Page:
Latest evidence based guidelines on asthma diagnosis and treatment have been released, with key changes in paediatric care.
The Handbook is an evidence based practical resource for GPs, nurses and pharmacists that supports a team approach to improving asthma outcomes in partnership with patients and their families.
The latest edition is the first major review of the Handbook since it went online in 2014.
Major changes in this latest edition include management of childhood asthma, acute asthma management and primary prevention, National Asthma Council Australia Nurse Educator Marg Gordon said.
“There are changes to recommended practice. The message is for nurses to become familiar with the new sections of the Asthma Handbook. At the front there’s a ‘What’s new’ page that highlights and provides a summary of the key changes.”
Management of asthma in children is now divided into two age ranges: 1-5 years and six years and over, to clarify asthma diagnosis and classification in these age groups.
“The biggest change to the management of those aged 0-12 months is not by their GP. Management by a specialist for this age group is recommended. It’s really about clarifying the diagnosis in that age group,” Ms Gordon said.
Respiratory problems in babies are often caused by bronchiolitis rather than asthma, according to respiratory experts.
The diagnosis and treatment of childhood asthma can be challenging in very young children and correct asthma management is critical, especially for those under five, Ms Gordon said.
More than half of the estimated 40,000 annual asthma hospitalisations in Australia involve children aged 0-14, peaking at ages 0-4 years.
A full review for children with asthma during the summer school holidays is recommended in an effort to reduce the peak in attacks that occurs at the start of the new school year.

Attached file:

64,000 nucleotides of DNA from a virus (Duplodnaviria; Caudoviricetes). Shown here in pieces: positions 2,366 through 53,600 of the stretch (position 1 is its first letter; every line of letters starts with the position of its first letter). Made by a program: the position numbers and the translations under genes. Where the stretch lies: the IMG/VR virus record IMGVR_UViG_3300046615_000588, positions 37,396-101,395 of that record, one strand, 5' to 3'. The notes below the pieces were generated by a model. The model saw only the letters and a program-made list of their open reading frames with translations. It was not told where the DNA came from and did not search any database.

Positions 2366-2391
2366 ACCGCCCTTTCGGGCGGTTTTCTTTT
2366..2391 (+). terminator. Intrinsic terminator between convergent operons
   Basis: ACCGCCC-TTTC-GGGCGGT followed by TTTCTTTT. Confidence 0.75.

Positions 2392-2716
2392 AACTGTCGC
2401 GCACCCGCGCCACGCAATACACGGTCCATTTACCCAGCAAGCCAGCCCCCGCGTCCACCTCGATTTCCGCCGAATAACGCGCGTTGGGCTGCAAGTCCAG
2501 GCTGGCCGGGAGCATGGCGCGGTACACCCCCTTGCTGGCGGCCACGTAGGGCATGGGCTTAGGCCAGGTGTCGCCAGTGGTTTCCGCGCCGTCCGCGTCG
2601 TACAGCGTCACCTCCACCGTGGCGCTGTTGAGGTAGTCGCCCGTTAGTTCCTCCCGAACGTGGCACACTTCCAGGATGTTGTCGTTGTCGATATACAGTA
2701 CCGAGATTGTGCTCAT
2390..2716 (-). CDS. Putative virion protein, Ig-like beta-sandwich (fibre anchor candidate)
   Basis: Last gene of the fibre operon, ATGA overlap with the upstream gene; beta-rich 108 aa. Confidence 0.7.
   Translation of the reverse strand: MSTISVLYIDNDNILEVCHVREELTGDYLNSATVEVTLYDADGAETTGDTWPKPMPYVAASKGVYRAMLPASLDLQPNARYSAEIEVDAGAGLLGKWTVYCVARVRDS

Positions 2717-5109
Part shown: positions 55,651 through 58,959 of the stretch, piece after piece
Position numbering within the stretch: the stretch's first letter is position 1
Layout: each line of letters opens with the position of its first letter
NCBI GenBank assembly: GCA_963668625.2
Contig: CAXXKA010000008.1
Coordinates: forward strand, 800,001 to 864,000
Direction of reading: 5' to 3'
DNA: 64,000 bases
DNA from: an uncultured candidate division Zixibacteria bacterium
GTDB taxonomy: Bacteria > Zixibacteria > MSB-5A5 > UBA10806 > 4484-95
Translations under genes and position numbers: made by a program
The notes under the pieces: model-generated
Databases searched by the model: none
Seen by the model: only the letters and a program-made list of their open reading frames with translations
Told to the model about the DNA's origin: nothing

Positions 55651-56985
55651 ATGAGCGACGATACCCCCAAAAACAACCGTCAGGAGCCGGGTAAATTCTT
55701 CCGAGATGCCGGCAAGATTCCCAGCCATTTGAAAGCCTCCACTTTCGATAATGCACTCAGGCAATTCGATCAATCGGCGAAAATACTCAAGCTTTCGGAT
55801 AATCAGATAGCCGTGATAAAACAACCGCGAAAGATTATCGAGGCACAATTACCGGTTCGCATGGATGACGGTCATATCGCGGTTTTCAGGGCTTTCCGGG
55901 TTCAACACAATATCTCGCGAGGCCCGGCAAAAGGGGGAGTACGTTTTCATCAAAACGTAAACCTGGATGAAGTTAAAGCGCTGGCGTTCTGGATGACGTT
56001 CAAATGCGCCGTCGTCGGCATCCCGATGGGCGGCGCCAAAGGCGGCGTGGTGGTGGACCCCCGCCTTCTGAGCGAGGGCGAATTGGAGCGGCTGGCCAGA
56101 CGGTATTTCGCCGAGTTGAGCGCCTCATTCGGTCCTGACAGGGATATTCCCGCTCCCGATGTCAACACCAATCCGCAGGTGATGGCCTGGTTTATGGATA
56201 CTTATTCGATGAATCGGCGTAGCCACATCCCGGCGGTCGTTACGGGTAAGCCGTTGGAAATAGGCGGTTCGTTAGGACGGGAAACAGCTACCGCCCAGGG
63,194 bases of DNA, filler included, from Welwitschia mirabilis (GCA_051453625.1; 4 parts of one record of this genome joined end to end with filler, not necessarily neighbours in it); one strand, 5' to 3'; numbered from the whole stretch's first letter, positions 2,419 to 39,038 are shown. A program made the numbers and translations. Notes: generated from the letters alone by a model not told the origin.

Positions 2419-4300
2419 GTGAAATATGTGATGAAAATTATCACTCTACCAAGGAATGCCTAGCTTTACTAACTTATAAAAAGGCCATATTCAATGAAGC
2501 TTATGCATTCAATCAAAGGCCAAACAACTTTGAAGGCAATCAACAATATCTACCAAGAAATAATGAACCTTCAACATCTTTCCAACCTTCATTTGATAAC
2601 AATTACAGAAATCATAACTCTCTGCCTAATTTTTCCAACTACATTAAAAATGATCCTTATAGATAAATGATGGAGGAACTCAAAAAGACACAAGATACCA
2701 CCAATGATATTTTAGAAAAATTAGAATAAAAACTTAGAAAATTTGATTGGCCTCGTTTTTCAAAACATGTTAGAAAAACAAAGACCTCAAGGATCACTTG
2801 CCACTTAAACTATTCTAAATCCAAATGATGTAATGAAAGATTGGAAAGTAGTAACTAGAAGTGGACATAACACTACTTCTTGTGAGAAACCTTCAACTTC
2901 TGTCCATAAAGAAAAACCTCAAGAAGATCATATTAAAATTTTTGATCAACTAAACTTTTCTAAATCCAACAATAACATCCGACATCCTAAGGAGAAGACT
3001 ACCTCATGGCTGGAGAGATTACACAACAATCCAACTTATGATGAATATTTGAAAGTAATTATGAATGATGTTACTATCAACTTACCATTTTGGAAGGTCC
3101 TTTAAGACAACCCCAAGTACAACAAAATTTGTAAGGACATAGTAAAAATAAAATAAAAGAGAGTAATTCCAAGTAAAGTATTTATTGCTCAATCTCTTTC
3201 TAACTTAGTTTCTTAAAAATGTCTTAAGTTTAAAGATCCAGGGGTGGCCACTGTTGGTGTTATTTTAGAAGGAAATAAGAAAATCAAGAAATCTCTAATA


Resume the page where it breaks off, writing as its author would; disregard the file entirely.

Also included is the latest evidence on primary prevention of asthma and updated guidance on managing acute asthma in clinical settings.
“This includes revision of oxygen therapy and updates on medication recommendations for life threatening events. There is a new table on Primary Prevention of Asthma. This is a ‘go to’ table with an easy to read format for all types of asthma,” Ms Gordon said.
There has also been a revision of discharge advice.
“Anyone that has been in hospital for asthma is recommended to have an appointment with their GP within three days of discharge; and another review with their GP in 3-4 weeks. The importance of that is trying to stop people presenting back to hospital with acute asthma.”
It was also important to point out updated guidelines on thunderstorm asthma, she added. “While thunderstorm asthma occurs in the southern states, it was a major killer in 2016 and many in the acute sector and in primary care were faced with people who were more ill with asthma than they have ever encountered.”
A consumer friendly resource has been released alongside the revised health professional guidelines.
The ‘My Asthma Guide’ is in plainer language for consumers and in line with the revised Asthma Handbook.
The Australian Asthma Handbook is endorsed by peak health professional bodies working in asthma, including the Royal Australian College of GPs, Australian Primary Health Care Nurses Association and the Pharmaceutical Society of Australia.
My Asthma Guide and other resources are available free on the National Asthma Council website www.nationalasthma.org.au
The Australian Asthma Handbook 2.0 and a list of amendments is available at www.asthmahandbook.org.au